*Today's blog title comes from Major League: It's Indians radio announcer Harry Doyle losing his mind as catcher Jake Taylor lays down the bunt that scores Willie Mays-Hayes in the one-game playoff against the Yankees.
In August 2001, my future wife and I made a trip to her hometown in southwest Florida to visit her dad and go to her 10-year high school reunion. The trip to Florida was the front end of a two-part vacation, one that we had been looking forward to for a long time.
On the drive down from Virginia, we spent a memorable night in a cesspool of a hotel in Gainesville, Florida. And by "spent the night," I mean that we spent four hours hoping we weren't going to be murdered in our sleep before jumping in our car and hauling ass out of town at 4:00 a.m. like we'd robbed a bank.
We spent time with her old friends, we ate great barbecue, we watched the sun set over the Gulf of Mexico.
And on the night of August 5, 2001, ten years ago today, the three of us decided to watch the Cleveland Indians-Seattle Mariners game on television.
The Mariners jumped all over the Tribe in the early going, and by about the fifth inning, the score was 14-2. My future wife and father-in-law lost interest in the game and bid me goodnight. I was a little annoyed that the Tribe was getting housed so soundly and was too amped up to go to sleep, so I decided to read -- an actual book! Printed on paper! Stephen King's Carrie, if I remember correctly. I kept the game on as background noise.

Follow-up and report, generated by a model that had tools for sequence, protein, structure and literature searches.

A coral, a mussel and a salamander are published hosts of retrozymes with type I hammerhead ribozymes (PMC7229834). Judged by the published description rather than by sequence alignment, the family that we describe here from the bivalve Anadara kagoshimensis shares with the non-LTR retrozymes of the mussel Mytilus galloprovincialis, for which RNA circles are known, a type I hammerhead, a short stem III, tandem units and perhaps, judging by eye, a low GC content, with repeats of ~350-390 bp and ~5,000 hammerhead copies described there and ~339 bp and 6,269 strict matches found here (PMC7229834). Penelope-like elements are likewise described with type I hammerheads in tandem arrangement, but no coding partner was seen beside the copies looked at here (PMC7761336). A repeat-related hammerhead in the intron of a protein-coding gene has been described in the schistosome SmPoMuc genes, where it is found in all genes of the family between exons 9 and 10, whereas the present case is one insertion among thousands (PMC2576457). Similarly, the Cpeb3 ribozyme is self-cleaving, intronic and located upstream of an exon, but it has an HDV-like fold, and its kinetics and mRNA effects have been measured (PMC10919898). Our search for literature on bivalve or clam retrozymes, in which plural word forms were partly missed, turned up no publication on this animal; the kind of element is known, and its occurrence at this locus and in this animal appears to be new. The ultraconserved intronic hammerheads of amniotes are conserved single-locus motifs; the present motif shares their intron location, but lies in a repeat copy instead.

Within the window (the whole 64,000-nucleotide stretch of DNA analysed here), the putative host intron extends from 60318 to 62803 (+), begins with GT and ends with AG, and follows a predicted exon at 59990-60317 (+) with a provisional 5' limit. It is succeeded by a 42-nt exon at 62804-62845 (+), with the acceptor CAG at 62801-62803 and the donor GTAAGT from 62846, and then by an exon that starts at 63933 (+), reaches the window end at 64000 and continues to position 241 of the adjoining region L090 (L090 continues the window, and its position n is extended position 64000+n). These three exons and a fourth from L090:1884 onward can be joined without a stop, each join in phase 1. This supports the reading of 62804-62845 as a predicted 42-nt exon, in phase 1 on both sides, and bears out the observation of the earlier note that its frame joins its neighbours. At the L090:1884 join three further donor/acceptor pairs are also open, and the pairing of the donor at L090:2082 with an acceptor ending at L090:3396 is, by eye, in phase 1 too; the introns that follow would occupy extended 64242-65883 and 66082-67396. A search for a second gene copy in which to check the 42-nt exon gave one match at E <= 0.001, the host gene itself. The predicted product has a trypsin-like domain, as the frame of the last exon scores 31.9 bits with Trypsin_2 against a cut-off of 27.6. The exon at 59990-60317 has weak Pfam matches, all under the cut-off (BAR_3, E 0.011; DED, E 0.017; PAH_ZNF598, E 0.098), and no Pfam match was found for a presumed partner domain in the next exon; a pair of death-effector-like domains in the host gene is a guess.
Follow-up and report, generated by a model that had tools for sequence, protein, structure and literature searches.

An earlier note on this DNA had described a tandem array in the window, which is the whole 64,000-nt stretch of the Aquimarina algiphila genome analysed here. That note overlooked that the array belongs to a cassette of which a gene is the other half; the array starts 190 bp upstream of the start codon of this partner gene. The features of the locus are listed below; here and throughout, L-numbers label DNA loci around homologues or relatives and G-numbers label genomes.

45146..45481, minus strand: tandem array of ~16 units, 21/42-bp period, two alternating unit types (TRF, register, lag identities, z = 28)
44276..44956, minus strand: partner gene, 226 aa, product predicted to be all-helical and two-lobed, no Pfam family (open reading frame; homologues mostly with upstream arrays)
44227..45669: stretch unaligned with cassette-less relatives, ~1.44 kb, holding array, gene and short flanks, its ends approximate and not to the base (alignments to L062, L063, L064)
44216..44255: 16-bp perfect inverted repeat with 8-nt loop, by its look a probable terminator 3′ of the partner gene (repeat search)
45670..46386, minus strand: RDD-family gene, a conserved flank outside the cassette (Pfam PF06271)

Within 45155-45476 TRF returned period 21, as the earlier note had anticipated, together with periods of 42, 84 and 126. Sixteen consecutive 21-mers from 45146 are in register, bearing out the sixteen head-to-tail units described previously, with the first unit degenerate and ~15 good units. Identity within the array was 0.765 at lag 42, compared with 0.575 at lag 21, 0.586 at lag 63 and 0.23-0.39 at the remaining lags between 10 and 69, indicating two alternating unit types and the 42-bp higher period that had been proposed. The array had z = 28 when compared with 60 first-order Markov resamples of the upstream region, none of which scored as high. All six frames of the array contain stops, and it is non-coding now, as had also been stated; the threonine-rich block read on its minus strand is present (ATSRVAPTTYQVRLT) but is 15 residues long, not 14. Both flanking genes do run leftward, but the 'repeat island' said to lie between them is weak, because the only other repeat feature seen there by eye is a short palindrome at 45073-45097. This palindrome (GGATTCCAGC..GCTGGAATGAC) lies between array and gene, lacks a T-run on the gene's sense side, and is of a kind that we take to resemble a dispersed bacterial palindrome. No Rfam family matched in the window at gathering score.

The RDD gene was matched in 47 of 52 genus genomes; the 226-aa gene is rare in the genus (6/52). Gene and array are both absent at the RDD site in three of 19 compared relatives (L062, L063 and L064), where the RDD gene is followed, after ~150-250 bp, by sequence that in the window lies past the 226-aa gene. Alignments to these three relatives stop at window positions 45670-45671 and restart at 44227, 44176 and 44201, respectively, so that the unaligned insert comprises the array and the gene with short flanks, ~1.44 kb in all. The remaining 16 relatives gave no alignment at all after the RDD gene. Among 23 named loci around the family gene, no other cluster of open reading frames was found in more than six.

As I read, I noticed the commentators becoming more animated as the game wore on. I looked up and saw the Indians had started to chip away at the lead. Not in big chunks, mind you, but little bits and pieces, like Andy Dufresne in Shawshank chipping away at the wall in his cell.
The Indians scored three in the 7th, four in the 8th, and tied it with 5 runs in the 9th (with two outs, mind you). It was ridiculous. This wasn't some chump opponent -- the Mariners' record entering that game was 80-30, and they had one of the best bullpens in baseball that season. As each Indian run crossed the plate, I was jumping up and down in the living room and doing that "yess! yesss!" in my best Inside Voice, careful not to make too much noise, because the last thing you want to do in your girlfriend's dad's house late at night is annoy him, especially since he probably wasn't too sure about this short kid with the big mouth dating his daughter. (Just kidding, he liked me).
The game went into extra innings tied at 14, and the Indians won it in the bottom of the 11th when Jolbert Cabrera drove in Kenny Lofton from third. It was and remains the greatest sporting event I have ever witnessed.
I remember that vacation very well. We spent three great days in her hometown, and then we spent another four terrific days with some family friends at their beach cottage in North Carolina. When we got back home to Virginia, I started a new job that I ended up liking very much.
The September 11 attacks happened a few weeks later.
I think about that vacation often. And I always think about it when I see, read or hear something about September 11.
I don't know why that vacation stands out in my mind so well. Was it the game? The barbecue? The reunion?
Or does it stand out because in the neighborhood of my memories, that vacation, complete with unbelievably happy memories, lives right next door to the terrible day of the attacks and those horrific images? Because let me assure you, it makes for some weird mental real estate.
2001 turned out to be a big year for me personally.
I proposed to my girlfriend that November, and we were married the following year. I started writing my first full-length manuscript around that time, too.
With that old manuscript, I took the first steps on what I planned to be my future career.
I was as happy as any person in their 20s had a right to be.
I saw the depths of human depravity.
I've seen some weird things happen in and to our country, not all of it good.
But on one unbelievable night ten years ago, the game of baseball reminded me that anything is possible.